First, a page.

According to him, it is the duty of the government to protect its citizens. In addition to speeding up the ratification of the PDP Law, the government should also try to narrow the digital gap. Digitalization should not be concentrated only in big cities, especially the island of Java. This is basically in digital infrastructure in all regions of Indonesia so that all can experience internet access, can experience digital applications, and other digital ecosystems.
“The government needs to immediately complete the discussion of the Draft Law on Personal Data Protection (PDP). In addition, it can form a Personal Data Protection Commission which has the task of providing guidance and supervision of digital platforms in the use and protection of users’ personal data. Lastly, create a mechanism for protecting, managing and monitoring personal data,” he said.
According to Nailul, Personal Data Protection is very important in the life of society and the state. Besides being able to become a stronger and comprehensive regulatory framework, it can also create a balance in the governance of personal data processing and guarantee the protection of the rights of data subjects. It can even be a legal instrument to prevent and handle cases of personal data breaches.
“It is undeniable that PDP can accelerate the development of the digital economy ecosystem, increase public awareness about their rights as data subjects, and create equality in personal data protection regulations at the global level,” he said.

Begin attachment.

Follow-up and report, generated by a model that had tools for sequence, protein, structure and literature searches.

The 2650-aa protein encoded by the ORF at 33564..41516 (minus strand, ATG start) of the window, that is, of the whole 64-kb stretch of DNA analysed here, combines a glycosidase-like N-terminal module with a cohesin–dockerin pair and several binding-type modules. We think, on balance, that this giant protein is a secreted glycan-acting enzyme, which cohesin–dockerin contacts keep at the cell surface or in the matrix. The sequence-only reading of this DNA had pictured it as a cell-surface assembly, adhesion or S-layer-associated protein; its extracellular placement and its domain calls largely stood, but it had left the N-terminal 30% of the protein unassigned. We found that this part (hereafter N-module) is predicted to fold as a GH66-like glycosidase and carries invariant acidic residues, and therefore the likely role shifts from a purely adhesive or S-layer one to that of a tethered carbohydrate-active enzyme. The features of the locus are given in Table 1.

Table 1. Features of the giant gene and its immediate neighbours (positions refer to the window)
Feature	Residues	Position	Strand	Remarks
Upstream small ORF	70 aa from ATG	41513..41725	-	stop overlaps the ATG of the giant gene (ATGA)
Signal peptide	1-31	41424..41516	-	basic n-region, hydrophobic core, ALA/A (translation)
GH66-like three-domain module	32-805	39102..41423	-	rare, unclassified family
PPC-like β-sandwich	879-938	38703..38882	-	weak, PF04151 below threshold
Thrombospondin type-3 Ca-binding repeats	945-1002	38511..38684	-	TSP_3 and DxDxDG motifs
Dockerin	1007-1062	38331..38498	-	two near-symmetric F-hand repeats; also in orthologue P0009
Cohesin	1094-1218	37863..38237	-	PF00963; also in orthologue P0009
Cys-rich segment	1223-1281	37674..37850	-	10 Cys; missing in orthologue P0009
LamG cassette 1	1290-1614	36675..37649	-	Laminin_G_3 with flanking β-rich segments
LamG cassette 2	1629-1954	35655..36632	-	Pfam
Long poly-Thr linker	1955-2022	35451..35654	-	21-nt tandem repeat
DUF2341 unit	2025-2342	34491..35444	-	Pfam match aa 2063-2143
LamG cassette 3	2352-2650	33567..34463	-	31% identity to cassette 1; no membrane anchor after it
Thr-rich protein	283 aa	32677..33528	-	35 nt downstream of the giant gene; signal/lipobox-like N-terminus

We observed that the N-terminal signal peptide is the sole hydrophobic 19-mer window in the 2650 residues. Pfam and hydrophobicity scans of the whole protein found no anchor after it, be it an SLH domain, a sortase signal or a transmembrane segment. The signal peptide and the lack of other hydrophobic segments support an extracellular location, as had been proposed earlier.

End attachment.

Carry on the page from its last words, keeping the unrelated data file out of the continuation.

The Challenge of Maintaining Indonesia’s Digital Sovereignty
Meanwhile, according to Heru Sutadi, Executive Director of the ICT Institute, there are 5 challenges in maintaining Indonesia’s digital sovereignty. First is the problem of infrastructure.
“Infrastructure problems need to be accelerated, this is crucial because 2025 will not be long so there must be acceleration,” said Heru who took part in Gizmotalk’s virtual discussion from the Netherlands.
At the business or industrial level, Indonesia must increase domestic products and enhance digital transformation.
Heru Sutadi also said that our country is only a market without domestic products. Practically, the development of the digital economy is not in Indonesia because we are only a market. Therefore, we must build ecosystems, both from within and outside the country. There must be regulations that are in favor of the local. The final challenge concerns digital security.